Ballistic missiles as they approach impact are hypersonic, as are many maneuverable cruise missiles. “So if you’re the sailor on the deck of a ship, they all look the same to you,” Hill said. “If you’re a soldier manning a land-based battery, it’s going to be maneuvering and coming in very quickly at hypersonic speeds. If you’re one of the airmen that’s manning one of the many sensors that are out there, it’s going to look fast, and it’s going to be moving quickly.”
So, the hypersonic threat already exists. The Missile Defense Agency now must adapt as the threat morphs, Hill said. Right now, the hypersonic threat is almost ancillary to the capabilities of ballistic and cruise missiles, he added, but as competitors test and build, that threat will become more sophisticated.
“We’re defending the United States, our deployed forces, our allies and friends from missile attacks in all phases of flight,” Hill said. It is a simple mission statement, but not so simple to execute.
The key to the program is the sensor array. “We leverage all sensors, and many, many countries are in the business of fusing data so that you have a complete track picture,” the admiral said. “We call it from … birth-to-death tracking and that is absolutely required. You don’t want to lose track of the threats, particularly if [they are] unpredictable and maneuverable.”
The agency will leverage space sensors, which is typically how it sees initial launches. “We will fly through ground-based sensors,” he said. “We have ships with the sensing capability deployed globally. Another great way that we partner with our allies that sensor architecture is critically important, particularly as the threats become more and more maneuverable over time.”
The existing sensing architecture and battle management system and even existing weapons can counter this very formidable threat, but more needs to be done, he said.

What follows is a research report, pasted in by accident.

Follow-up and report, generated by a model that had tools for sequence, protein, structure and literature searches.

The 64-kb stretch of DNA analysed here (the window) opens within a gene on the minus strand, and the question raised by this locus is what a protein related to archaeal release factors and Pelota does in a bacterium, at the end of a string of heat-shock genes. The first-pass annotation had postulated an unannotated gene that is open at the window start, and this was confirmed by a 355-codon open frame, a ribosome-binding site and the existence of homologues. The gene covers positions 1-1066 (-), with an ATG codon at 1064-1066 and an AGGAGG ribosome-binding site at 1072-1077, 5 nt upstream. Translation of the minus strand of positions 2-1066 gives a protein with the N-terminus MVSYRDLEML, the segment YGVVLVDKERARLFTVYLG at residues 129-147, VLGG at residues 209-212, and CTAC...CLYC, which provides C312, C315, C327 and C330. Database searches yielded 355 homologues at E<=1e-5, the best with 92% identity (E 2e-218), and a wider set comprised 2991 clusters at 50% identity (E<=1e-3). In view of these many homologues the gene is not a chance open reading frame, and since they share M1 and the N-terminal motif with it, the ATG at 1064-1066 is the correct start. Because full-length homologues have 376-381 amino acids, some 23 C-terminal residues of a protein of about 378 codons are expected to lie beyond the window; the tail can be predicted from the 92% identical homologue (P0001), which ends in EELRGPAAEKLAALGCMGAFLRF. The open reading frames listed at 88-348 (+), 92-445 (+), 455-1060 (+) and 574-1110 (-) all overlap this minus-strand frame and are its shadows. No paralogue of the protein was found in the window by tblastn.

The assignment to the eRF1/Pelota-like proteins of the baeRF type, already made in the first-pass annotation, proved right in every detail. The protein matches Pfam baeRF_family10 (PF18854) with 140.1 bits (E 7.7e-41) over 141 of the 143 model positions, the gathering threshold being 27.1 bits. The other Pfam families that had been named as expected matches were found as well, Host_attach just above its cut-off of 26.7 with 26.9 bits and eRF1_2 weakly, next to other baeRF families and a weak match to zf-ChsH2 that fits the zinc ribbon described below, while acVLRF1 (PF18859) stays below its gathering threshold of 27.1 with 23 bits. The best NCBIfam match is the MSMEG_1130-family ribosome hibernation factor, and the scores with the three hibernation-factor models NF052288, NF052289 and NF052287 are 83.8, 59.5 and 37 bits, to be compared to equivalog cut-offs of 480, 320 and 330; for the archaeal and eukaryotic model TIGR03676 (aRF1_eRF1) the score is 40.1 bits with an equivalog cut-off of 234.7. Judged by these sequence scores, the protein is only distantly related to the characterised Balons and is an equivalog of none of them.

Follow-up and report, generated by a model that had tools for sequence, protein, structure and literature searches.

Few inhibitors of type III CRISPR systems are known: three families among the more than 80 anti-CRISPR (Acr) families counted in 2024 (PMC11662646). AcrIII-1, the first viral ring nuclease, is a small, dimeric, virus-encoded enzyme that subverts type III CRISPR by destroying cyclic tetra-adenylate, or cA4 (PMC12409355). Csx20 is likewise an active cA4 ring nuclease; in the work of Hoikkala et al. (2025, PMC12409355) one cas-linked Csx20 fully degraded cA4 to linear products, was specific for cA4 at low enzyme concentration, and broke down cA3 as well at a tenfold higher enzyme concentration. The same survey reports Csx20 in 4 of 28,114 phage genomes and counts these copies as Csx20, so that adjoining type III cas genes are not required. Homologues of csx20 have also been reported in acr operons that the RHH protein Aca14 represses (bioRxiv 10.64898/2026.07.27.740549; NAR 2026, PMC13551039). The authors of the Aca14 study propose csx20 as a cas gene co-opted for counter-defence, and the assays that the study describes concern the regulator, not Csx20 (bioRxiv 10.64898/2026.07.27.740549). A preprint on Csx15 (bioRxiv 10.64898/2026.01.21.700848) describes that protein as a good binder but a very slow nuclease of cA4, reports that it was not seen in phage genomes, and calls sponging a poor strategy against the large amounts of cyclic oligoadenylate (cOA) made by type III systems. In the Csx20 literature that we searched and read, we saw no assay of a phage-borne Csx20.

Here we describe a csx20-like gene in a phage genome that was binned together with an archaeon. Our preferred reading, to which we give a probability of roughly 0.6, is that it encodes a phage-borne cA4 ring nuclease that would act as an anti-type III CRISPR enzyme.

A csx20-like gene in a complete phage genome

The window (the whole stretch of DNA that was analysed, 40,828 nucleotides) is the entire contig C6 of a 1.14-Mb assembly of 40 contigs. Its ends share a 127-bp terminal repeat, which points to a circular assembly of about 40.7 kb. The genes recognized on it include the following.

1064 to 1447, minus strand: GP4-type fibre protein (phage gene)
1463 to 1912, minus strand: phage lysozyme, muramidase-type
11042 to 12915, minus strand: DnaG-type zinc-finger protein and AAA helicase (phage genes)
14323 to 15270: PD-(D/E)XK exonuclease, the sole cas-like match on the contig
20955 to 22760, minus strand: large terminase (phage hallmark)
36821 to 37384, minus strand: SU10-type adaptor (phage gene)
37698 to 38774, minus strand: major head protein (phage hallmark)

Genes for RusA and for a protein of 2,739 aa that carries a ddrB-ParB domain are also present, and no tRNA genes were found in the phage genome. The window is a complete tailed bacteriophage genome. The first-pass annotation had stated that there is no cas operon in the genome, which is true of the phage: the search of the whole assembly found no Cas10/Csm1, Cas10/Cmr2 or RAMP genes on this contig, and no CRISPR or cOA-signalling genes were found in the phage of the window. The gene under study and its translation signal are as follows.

So, the bottom line is that just because a weapon is hypersonic doesn’t mean it can’t be intercepted. “Like all good engineering organizations, we’re going to look for where the vulnerabilities are in a hypersonic flight, whether it’s a glide vehicle or cruise missile,” Hill said.
The glide phase looks to be the most promising place, because it is earlier in a missile’s trajectory, Hill said. “We are now investigating what it would take to move into that first part of the glide phase,” he added.
This means evolving the terminal system, “and then looking at how we can change the propulsion as required — change the front end to get to the glider phase,” Hill said. “It is a tough regime to operate in. But you have to remember that the hypersonic threat is not invincible — in that phase, it’s bleeding off energy, it may be doing a roll, and may be starting its maneuver. But it’s a great place to engage.”
In addition, the admiral said, the agency is looking to build sensing from space.
This is not the 21st century version of pie-in-the-sky. The Missile Defense Agency is working closely with the services and combatant commands and having discussions with international partners on defending against this threat, Hill said. (Source: US DoD)
30 Jun 20. Risk Aversion Impedes Hypersonics Development. Speeding ahead with the development of hypersonic weapons, both offensive and defensive, will require the Defense Department to look back to the 1960s — a time when it was far less risk-averse than it is now, the department’s director of defense research and engineering for modernization said.
“We need to be less risk-averse. And that doesn’t mean we seek to maximize risk. But it also means we’re not afraid to take risks, or we’re not afraid to fail, as long as they’re what I term noble failures,” Mark J. Lewis said during a discussion today with Rebeccah Heinrichs of the Hudson Institute in Washington.
The speed, maneuverability, and trajectories of hypersonic weapons will give whomever masters them first an advantage, Lewis said. A hypersonic weapon traveling at Mach 5, faster than around 3,800 miles per hour, he said, presents challenges to adversaries.
“That doesn’t give your potential adversary a lot of time to figure out what you are, decide that you’re coming, and then take some action,” he said. “So speed is essential.”